Administrative Arrangements

Australia State of the Environment Report 2001 fact sheet
Department of the Environment and Heritage, February 2002

What is Happening Overall?

Administrative arrangements for protecting the environment improved in the past five years as a result of major national reforms. These included the introduction of the Environment Protection and Biodiversity Conservation Act 1999 (EPBC Act), national cooperation on forestry management and public disclosure of major pollutants.

However, some responsibilities are fragmented between different spheres of government. There is a need to ensure compliance with environmental regulation and there is scope for more cooperation between the public and private sectors in long-term environmental management.

Why is administrative reform important?

Protecting the environment is the responsibility of every Australian but government policy, legislation and regulation play a pivotal role in conservation and sustainable use of resources.

Environmental management in Australia is primarily the responsibility of states and territories, with local government carrying out many responsibilities. The Commonwealth has responsibility for Australia's international obligations.

Important reforms to national administration

The EPBC Act, which came into force in July 2000, provides protection for matters of national environmental significance, including World Heritage properties and Ramsar wetlands. The Act provides greater certainty for proponents through timely assessment and reducing duplication between Commonwealth and state assessments. The Act also promotes ecologically sustainable development (ESD) by formally requiring ESD principles to be taken into account when considering project approvals.

Since 1996, the Commonwealth has committed more than $14 million to develop and support a public database listing the major pollutants entering the environment. This database, the National Pollutant Inventory (NPI), was established by an agreement of the National Environment Protection Council in 1998.

As part of its greenhouse gas reduction strategy, the Commonwealth is fostering greater use of renewable energy. The Renewable Energy (Electricity) Act 2000 requires the generation of 9,500 gigawatt hours of extra renewable energy per year by the year 2010, enough power to meet the residential electricity needs of four million people.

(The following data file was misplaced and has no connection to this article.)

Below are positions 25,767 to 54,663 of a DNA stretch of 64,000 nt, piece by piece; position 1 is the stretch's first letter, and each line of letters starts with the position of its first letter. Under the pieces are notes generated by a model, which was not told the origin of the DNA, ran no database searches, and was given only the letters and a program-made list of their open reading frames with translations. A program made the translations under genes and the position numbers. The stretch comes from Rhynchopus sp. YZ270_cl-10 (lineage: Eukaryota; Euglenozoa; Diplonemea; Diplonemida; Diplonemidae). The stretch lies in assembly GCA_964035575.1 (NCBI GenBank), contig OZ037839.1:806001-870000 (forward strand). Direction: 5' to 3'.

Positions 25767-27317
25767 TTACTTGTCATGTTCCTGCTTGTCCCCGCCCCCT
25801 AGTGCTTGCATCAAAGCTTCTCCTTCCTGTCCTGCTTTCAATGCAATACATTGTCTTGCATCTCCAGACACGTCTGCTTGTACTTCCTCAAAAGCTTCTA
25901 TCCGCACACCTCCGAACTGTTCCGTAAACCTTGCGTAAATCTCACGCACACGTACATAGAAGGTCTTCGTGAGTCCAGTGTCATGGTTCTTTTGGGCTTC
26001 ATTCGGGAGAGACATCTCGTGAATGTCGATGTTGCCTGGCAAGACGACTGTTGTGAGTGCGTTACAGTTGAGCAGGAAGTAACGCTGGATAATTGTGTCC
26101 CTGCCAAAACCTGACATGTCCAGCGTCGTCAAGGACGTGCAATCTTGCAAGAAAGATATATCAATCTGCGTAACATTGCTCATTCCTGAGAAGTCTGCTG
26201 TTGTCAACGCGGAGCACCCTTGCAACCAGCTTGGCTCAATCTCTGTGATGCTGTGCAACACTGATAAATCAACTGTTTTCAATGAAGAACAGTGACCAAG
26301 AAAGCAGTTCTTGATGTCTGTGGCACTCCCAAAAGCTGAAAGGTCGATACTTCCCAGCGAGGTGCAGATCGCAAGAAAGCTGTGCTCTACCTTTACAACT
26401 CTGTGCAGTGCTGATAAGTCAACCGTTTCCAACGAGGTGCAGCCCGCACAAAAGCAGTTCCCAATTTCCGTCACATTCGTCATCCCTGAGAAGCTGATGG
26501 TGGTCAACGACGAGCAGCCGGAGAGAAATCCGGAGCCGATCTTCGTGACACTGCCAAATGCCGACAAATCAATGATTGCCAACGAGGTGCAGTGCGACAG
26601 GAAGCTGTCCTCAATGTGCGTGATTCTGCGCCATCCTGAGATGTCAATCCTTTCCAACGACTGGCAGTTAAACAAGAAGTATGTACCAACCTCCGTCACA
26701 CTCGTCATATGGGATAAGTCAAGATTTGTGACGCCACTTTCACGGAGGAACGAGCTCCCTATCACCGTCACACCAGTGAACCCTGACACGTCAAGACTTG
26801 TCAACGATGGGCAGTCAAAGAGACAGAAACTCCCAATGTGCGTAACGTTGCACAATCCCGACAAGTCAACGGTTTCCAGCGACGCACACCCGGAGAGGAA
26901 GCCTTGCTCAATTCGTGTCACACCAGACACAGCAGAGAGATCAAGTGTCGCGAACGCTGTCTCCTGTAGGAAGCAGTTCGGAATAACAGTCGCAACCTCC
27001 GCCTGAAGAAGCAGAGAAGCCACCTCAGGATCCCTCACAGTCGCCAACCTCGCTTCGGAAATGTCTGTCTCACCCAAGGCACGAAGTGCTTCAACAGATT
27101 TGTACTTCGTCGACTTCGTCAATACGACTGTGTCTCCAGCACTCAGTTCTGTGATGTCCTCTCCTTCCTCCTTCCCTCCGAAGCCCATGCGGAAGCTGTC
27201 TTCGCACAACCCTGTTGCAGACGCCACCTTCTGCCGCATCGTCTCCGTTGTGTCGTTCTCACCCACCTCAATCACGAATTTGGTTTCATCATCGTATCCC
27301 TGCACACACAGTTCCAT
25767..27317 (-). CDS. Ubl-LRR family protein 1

Regional Forest Agreements between the Commonwealth and the states have provided a level of certainty for forest industries and have added more than 2.8 million hectares to the national reserve system.

What are the challenges for national cooperation?

Each state and territory distributes its management responsibilities for the environment among various agencies and devolves many responsibilities to local government. As a result, planning and management of the environment is often highly uncoordinated between the Commonwealth, the states and territories, and local government. There are five specific difficulties confronting the institutions involved in environmental management. They are:

  • varying regulatory arrangements applied to different land uses in adjacent areas, making it difficult to achieve conservation on a landscape scale;
  • responsibilities that are fragmented within and between the levels of government and various agencies;
  • differing philosophies and approaches between non-Indigenous and Indigenous environmental managers;
  • fewer resources to ensure compliance with government legislation, policy and regulation; and
  • limited cooperation between public and private sectors in long-term environmental management.

Regional cooperation is evident in administration of some protected areas, such as the Great Barrier Reef Marine Park, and in some areas of water management, such as the operation of the Murray-Darling Basin Ministerial Council and the Lake Eyre Basin Ministerial Council.

What are some emerging challenges?

An emerging challenge is how to apply equitable property rights so that individual landholders can take decisions to promote long-term sustainability of natural systems and the most efficient use of scarce resources. This applies not only to farmers and graziers but also to people seeking to subdivide unsuitable land for residential purposes and to protect such property from natural forces, such as flooding, landslide or erosion.

The Council of Australian Governments (COAG) agreed in 1994 to implement a Water Reform Framework with the goal of an efficient and sustainable water industry. The time and complexity involved in implementing the necessary legislation has been greater than expected, and further implementation will also be complex and demanding.